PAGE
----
- Joe Schad, College Football
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Florida president Bernie Machen said Wednesday that he is gaining increased support among leaders of Southeastern Conference schools in his push for a playoff for college football in the former Division I-A.
Machen said he proposed his ideas to SEC presidents at a meeting in March in Atlanta and that the topic will be on the official agenda of the SEC spring meetings in Destin, Fla., in April.
"I will make my formal presentation," Machen said. "This is a big step. I didn't think they'd allow me to be a part of the agenda. But I will have my day in court."
Machen said the SEC needs to lead the way and that time is a factor.
"We need to have these considerations now," Machen said. "Fox wants now to extend our existing BCS deal and if we do that, we're going to be stuck in the same place for the next six to eight years, with a system that could obviously be better."
Machen takes his stand, of course, even though Florida won the national championship under the existing BCS format, which pits the two highest-rated teams in the BCS formula. Machen said movement towards a plus-one format (adding an extra game), a Final Four or eight-team format is not as important as getting a majority opinion among the SEC leaders that a change is beneficial.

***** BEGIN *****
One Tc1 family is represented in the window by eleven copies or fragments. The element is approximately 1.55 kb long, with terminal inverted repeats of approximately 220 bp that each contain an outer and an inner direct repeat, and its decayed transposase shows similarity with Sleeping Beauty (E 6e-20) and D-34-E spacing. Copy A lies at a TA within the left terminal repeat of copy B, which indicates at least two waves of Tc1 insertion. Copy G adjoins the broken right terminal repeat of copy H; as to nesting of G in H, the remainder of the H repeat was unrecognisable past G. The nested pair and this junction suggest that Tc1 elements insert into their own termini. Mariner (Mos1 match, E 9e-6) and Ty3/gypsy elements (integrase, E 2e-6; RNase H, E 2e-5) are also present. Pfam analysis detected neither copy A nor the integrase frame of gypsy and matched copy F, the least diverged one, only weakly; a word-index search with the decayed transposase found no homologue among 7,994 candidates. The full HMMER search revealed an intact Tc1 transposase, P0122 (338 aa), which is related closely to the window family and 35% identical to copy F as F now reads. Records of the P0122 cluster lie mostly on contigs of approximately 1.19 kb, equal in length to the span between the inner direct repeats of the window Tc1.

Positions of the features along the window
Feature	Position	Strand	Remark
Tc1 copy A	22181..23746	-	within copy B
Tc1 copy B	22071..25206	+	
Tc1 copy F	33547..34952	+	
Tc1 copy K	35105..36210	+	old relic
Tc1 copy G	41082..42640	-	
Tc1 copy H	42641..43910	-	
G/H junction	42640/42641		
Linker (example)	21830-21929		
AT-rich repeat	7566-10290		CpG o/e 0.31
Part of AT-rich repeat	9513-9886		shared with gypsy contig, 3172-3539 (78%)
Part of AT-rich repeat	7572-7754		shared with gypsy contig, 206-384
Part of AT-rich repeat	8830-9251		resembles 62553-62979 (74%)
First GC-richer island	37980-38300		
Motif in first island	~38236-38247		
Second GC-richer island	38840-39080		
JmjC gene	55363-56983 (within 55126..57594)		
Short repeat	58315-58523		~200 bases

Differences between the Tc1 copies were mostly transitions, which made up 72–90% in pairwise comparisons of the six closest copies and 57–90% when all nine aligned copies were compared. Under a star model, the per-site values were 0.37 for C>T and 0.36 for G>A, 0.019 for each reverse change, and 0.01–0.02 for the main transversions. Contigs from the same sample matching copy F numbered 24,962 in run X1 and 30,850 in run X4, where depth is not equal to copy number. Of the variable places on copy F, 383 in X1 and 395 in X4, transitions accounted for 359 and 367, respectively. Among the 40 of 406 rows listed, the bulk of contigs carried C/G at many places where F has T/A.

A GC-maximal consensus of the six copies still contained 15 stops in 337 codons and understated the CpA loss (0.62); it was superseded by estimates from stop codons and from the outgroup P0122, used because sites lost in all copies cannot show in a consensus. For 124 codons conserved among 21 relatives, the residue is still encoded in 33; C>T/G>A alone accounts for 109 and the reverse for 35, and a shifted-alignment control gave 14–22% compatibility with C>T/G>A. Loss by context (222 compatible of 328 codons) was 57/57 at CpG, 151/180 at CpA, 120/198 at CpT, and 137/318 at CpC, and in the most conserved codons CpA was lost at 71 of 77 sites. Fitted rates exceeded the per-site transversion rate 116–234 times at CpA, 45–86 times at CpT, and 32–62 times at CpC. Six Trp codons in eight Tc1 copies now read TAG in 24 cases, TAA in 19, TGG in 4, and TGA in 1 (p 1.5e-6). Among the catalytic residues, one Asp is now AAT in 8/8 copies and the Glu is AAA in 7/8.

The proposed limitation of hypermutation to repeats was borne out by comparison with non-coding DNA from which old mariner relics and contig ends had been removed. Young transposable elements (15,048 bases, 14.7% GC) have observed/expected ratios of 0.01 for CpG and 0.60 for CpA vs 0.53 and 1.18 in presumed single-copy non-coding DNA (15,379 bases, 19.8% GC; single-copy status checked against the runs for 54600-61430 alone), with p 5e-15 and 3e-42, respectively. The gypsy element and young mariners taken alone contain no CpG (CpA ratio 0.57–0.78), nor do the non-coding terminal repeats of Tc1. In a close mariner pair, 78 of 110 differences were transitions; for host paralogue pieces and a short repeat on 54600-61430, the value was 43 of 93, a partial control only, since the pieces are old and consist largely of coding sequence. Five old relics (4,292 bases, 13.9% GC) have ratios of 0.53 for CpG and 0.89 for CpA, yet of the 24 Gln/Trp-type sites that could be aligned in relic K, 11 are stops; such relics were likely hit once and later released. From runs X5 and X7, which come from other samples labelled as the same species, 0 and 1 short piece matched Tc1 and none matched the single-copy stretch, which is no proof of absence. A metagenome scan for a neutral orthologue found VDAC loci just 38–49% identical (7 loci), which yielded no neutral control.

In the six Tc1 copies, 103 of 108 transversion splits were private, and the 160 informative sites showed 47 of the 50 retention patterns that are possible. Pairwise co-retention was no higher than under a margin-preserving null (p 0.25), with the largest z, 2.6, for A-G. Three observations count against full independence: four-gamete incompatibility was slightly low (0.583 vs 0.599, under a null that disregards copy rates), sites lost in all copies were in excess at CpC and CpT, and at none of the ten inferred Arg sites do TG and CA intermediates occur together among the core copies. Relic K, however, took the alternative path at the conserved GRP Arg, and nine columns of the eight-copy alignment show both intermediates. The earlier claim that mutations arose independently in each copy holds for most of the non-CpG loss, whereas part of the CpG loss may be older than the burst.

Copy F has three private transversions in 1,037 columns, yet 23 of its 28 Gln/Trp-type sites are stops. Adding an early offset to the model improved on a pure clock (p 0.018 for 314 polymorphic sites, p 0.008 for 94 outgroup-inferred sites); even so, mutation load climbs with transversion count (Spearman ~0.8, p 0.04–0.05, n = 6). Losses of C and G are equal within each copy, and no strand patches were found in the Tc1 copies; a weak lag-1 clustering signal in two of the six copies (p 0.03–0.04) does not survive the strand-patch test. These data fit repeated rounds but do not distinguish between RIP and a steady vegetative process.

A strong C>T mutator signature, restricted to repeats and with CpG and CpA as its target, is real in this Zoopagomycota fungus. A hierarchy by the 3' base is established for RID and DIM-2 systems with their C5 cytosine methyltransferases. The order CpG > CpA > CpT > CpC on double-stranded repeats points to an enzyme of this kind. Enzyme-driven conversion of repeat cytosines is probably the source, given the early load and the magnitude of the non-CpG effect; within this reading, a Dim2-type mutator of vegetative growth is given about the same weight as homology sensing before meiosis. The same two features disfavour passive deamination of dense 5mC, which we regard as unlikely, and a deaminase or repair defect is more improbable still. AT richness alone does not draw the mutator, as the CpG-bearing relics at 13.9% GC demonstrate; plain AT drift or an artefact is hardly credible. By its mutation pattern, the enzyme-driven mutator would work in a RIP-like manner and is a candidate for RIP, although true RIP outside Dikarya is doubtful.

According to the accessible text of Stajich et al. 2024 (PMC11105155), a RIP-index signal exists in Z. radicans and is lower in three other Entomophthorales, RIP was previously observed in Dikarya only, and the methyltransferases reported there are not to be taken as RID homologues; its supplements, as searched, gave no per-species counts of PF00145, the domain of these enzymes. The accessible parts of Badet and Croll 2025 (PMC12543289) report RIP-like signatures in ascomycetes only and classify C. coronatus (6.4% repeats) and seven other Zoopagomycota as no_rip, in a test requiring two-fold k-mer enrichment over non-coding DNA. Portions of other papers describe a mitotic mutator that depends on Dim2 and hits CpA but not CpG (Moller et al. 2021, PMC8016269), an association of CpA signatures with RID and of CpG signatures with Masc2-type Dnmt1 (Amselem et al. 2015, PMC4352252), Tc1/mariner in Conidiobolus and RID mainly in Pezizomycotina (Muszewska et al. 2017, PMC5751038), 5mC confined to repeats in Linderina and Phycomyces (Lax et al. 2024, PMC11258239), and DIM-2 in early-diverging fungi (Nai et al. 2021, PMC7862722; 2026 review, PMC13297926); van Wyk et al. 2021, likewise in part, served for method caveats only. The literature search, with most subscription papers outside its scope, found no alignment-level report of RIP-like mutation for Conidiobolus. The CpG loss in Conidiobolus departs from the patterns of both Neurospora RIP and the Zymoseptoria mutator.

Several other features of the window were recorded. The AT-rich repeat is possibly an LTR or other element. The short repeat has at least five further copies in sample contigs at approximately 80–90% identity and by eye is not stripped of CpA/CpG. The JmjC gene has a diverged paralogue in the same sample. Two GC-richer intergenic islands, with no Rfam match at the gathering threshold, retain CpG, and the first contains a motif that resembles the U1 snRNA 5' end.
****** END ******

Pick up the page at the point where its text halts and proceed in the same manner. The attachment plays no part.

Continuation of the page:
"It will take a conference like ours to get this moving in the right direction," Machen said. "We've got to make this a deal with great revenue for league and bowls. Right now, I have more SEC presidents on board than I thought I would. And the majority are willing to listen, which is more than ever before."
Machen said he's spoken to about a half-dozen presidents outside the SEC to gauge their opinions. And that he has talked to leaders at two BCS bowls who say they "want to be at the table to discuss this, too."
The Big Ten and the Pac-10, with a strong Rose Bowl tie-in, figure to be the conferences least eager to rally support for a college football playoff.
Joe Schad is ESPN TV's national college football reporter.
Florida president Bernie Machen said he is gaining increased support among leaders of SEC schools in his push for a playoff for college football